My Bourgie Index

bour-gie [bo͞o’zhi] adj. (comparative more bourgie, superlative most bourgie)
From Bourgeoisie or Bourgeois, from French; compare bougie.
1. (usually pejorative) used to describe middle-class values in their attempt to give the semblance of discerning taste.

Although there were more reasonably priced bottles of wine, they chose an expensive Malbec not for its flavor, but for its bourgie appeal.

I feel so bourgie these days, when I drive up to Starbuck’s in my brand new 2011 Toyota Prius, but not as bourgie as I feel when I actually place my order for a Starbuck’s Grande Latté. It only gets worse as I await my frothy beverage, for I pass this time, by surfing on my Apple iPhone. This collection of possessions, Prius, Latté and iPhone, has combined to define my personal bourgie index, at least on my morning commute, and this index is high.

Back in the day, when we had just graduated from college, and were beginning our careers, our friend, Evelyn, coined the term bourgie index. As we were setting up our households, aided by the influx of fulltime employment cash, possessions began to accumulate in our respective households. We would chide each other on our respective bourgieness. Buying a Cuisinart food processor was more bourgie than buying a Krupps coffee maker, but most bourgie, was the purchase of my baby Trans-Am, a Plymouth Arrow.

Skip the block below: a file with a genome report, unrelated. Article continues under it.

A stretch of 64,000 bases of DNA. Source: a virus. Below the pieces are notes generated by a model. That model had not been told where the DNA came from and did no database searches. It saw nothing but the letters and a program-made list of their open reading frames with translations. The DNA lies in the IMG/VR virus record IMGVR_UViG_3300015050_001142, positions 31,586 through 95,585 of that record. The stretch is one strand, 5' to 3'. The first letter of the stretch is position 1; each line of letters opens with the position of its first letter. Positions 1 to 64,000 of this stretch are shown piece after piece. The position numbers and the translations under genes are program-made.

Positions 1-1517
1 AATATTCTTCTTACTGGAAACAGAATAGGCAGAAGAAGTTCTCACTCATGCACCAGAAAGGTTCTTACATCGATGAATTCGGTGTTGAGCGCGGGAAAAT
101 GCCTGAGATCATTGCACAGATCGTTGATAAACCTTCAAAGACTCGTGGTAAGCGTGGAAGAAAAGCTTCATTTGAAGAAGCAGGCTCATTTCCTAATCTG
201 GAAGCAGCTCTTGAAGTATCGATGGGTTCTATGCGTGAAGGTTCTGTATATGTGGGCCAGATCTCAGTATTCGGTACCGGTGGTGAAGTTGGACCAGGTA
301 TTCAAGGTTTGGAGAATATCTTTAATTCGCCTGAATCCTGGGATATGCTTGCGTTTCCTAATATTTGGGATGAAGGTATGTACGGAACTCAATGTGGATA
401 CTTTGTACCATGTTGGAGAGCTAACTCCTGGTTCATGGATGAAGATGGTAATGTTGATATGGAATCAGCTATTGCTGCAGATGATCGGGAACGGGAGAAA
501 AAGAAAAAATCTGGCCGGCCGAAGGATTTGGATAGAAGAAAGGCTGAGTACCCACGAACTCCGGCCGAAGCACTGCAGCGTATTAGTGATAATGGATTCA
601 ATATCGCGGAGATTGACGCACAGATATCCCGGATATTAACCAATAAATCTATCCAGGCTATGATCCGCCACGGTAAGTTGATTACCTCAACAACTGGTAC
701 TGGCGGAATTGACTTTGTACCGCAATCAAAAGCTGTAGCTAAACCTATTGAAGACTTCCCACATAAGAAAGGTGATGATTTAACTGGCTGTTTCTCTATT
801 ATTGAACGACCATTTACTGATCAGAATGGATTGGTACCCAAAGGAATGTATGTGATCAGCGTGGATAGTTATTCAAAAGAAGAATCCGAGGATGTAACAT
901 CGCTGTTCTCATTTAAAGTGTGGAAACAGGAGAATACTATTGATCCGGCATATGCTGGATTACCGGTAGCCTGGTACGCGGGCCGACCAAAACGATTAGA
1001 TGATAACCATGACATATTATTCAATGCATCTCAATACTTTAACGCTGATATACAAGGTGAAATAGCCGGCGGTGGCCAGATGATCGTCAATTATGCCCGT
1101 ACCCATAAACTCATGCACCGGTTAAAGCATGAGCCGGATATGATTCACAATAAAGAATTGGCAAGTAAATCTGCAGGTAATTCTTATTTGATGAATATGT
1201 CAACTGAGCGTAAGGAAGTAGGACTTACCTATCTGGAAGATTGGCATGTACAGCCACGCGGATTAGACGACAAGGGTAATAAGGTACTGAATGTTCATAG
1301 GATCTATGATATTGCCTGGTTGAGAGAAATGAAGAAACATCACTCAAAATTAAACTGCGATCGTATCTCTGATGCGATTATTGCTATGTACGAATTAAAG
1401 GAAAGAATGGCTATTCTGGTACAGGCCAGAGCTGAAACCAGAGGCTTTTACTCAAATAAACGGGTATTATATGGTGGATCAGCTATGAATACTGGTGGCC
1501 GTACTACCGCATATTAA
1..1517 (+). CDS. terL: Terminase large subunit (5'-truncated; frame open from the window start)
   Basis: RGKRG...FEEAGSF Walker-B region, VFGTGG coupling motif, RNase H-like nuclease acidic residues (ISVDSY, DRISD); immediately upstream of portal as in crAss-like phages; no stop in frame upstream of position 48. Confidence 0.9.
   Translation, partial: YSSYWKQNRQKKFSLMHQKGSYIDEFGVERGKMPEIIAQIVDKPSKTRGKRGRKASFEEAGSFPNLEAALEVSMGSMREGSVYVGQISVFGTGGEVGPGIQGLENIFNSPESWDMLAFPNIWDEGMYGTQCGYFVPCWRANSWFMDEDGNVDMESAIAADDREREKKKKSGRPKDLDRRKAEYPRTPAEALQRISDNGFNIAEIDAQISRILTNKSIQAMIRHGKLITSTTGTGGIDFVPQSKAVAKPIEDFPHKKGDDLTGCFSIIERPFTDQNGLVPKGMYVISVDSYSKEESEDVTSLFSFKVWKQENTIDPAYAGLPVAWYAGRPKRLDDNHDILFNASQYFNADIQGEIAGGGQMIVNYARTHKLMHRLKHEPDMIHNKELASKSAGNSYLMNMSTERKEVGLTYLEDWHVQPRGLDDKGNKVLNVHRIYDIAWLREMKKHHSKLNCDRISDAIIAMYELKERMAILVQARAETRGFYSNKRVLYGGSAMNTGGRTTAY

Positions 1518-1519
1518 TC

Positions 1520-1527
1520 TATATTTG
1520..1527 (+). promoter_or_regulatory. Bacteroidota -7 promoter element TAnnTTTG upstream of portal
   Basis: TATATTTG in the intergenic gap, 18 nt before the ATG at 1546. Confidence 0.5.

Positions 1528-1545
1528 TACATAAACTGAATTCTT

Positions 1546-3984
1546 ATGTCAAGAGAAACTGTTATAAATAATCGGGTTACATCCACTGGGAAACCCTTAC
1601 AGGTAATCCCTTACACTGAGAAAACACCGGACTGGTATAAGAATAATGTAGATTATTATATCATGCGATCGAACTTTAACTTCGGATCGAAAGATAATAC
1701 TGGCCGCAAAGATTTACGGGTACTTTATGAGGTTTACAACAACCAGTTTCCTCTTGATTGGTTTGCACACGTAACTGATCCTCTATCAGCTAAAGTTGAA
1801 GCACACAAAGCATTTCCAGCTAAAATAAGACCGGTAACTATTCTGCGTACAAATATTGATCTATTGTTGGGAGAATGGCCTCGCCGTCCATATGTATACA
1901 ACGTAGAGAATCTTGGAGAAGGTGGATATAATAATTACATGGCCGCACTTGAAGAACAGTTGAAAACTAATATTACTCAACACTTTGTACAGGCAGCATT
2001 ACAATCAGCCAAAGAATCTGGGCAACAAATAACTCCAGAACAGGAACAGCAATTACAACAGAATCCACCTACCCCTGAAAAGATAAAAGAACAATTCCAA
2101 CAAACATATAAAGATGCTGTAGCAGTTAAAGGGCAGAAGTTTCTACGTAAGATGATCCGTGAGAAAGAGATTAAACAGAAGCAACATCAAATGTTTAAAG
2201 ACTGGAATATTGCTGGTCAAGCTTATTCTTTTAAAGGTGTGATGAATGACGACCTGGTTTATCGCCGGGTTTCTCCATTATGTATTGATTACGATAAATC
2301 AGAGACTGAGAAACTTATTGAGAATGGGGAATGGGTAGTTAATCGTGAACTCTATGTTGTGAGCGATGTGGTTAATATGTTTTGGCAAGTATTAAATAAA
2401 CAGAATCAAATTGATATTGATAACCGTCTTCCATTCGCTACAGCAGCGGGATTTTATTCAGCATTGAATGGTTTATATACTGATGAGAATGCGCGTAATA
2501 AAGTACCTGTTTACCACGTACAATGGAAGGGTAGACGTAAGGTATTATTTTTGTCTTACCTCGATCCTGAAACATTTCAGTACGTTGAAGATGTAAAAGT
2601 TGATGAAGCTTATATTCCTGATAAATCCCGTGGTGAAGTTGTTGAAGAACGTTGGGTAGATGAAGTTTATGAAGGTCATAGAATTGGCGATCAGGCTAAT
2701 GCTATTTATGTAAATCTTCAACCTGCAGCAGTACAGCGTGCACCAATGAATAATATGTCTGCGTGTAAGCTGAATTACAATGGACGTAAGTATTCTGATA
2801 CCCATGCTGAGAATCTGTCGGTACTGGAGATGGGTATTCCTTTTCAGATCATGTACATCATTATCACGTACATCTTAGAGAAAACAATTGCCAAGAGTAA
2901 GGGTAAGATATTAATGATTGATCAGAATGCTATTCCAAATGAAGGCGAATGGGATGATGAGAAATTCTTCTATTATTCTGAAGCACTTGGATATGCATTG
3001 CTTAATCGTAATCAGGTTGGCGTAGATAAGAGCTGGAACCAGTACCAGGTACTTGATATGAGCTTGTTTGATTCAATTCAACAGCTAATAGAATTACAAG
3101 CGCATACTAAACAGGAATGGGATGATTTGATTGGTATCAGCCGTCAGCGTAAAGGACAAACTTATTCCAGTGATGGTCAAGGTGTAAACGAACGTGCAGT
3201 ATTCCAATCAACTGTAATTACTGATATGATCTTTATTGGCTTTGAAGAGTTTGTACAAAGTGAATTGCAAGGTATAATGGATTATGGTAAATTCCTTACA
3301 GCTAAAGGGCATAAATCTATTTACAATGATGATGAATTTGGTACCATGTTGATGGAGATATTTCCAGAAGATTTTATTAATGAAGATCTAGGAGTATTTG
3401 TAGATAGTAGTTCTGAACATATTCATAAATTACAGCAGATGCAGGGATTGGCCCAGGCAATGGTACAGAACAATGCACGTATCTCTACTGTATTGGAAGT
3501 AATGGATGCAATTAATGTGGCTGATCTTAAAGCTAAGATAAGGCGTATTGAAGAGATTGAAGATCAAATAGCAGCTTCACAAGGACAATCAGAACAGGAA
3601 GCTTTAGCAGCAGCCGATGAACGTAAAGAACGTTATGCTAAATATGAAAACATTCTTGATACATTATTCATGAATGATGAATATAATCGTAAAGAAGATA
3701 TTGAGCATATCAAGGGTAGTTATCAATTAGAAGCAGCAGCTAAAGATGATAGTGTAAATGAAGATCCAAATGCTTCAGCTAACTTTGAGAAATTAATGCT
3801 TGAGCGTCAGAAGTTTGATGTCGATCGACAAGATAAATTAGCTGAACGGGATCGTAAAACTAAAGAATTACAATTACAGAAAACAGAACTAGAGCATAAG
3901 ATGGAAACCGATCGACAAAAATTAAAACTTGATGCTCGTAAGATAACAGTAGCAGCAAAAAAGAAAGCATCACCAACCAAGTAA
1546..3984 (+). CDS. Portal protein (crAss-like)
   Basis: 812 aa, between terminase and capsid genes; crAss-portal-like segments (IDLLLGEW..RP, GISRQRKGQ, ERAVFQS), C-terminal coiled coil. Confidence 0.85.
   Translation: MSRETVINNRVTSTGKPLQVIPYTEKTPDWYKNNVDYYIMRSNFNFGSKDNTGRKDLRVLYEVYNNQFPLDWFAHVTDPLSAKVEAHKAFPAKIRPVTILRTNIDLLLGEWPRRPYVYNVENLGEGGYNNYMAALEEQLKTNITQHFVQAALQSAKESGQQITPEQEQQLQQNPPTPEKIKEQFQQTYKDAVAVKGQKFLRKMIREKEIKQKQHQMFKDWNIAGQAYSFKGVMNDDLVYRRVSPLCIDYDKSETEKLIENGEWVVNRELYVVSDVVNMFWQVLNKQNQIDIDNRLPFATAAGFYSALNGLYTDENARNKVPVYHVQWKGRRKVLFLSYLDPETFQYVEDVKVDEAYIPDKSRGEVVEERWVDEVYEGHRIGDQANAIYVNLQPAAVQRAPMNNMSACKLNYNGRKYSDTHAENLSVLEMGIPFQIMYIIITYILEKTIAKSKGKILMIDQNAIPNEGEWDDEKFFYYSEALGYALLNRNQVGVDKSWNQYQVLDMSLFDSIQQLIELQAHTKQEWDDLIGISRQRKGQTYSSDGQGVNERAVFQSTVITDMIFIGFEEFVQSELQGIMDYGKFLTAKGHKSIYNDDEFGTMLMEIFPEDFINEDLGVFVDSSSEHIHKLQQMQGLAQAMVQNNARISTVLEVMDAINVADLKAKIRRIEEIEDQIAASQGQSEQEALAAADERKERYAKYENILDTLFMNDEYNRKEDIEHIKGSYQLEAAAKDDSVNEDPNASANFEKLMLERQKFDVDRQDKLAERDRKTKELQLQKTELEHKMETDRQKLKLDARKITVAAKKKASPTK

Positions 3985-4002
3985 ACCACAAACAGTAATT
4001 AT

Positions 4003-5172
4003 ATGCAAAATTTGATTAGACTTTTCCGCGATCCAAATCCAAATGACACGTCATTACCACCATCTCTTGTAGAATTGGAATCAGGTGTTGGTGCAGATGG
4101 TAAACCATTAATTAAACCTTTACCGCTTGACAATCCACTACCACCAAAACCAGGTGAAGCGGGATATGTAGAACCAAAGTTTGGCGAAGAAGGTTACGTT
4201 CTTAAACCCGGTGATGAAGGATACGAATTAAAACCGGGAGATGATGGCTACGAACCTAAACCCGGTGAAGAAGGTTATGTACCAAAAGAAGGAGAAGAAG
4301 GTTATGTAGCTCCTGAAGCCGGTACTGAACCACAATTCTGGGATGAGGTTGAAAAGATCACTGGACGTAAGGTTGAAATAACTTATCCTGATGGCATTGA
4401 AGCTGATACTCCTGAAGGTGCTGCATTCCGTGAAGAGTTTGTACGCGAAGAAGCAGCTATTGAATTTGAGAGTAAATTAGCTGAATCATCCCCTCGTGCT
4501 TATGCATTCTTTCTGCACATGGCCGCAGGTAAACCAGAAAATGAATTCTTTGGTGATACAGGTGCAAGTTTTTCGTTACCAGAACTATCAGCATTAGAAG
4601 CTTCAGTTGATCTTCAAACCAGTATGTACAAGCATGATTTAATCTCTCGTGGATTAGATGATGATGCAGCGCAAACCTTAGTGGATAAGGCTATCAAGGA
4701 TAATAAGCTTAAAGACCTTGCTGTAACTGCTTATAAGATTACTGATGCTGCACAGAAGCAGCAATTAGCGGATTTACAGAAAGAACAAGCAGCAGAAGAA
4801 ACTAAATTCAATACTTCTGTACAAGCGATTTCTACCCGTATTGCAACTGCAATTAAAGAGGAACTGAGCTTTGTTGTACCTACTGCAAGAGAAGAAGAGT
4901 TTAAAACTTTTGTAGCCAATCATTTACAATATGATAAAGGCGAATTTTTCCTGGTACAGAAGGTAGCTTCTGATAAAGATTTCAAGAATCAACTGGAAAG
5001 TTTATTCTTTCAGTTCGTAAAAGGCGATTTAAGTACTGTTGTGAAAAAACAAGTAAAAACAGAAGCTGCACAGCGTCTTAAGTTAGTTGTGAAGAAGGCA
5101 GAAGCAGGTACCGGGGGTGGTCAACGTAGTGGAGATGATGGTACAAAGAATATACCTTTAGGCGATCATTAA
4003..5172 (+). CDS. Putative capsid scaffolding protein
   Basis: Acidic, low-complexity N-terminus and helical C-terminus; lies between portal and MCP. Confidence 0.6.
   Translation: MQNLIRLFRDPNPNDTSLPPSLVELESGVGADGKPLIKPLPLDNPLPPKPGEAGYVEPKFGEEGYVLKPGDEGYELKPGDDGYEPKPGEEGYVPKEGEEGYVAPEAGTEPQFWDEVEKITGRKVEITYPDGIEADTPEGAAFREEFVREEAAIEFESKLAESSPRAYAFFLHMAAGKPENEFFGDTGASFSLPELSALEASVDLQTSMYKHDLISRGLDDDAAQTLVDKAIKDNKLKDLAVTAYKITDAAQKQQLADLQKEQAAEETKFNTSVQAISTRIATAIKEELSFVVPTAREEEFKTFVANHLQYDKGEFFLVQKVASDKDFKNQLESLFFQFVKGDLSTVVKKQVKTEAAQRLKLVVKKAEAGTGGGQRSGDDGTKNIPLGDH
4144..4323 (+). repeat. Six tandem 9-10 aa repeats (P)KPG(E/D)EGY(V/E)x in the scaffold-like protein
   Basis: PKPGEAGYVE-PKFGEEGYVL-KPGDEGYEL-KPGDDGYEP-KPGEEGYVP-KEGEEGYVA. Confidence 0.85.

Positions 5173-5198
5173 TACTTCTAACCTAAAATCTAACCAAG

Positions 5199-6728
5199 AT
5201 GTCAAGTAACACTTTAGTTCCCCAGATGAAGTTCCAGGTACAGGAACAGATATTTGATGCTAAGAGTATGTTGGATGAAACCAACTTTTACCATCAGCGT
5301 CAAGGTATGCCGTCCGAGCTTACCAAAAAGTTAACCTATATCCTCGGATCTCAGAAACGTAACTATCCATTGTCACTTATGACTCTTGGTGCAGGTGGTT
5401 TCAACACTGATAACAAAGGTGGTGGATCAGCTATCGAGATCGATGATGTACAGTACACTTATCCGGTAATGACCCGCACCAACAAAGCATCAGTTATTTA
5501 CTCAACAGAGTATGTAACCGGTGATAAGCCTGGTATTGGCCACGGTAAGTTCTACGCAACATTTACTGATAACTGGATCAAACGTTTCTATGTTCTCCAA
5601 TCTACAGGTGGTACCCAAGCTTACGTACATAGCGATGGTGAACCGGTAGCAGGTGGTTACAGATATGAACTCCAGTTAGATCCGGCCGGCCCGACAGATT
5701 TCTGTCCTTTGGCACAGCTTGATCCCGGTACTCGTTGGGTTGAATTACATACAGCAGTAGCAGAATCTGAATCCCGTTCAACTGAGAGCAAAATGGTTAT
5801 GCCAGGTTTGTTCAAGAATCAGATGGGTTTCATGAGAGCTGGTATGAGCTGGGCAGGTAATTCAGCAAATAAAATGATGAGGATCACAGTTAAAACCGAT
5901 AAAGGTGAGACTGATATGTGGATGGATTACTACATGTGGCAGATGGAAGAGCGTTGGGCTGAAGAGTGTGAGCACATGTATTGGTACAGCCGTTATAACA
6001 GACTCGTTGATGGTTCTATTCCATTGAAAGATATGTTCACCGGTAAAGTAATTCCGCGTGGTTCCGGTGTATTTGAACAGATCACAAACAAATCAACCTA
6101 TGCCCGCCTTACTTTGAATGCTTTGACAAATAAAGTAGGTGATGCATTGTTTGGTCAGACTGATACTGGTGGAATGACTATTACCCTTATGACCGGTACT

The Arrow was certainly not my most sober or well thought out automotive acquisition, but it certainly made heads turn. It was black and trimmed in gold tape. It really did look like a baby Trans-Am. In the intervening years, under the tutelage of my Spovely Louse, I have been slowly weaned from such testosterone fueled consumerism. We eventually bought a modest house, had two boys and settled into parenthood. Raising children only accelerated our consumerism, but in retrospect our bourgie indexed tended to slope downward. Then the kid’s college years came along, which in some respects continues on to this day. College’s drain on our cash flow inhibited our bourgie tendencies better than a cold, wet slap in the face. We are now working ourselves out of college debt and find ourselves these days with a little bit of extra cash. Hence, the Prius and this post’s faux lamentations about a bourgie index.

In truth, I enjoy the caffeine fueled, daily morning ritual of the flashing of the bling. The fact that I can do this in the banking sector, all the while accoutered in engineer’s garb, only adds to my pleasure among the blossoming suits. Politically, the combination of Prius, Latté and iPhone, speak of a liberal persuasion. I embrace this stereotype. It fits the neighborhoods and haunts that I frequent and makes a statement elsewhere. Effete, liberal, Democrat, tree hugger, whatever, call me what would you may, I revel in your stereotypes. Tag me as you will, but don’t you dare touch my new car.

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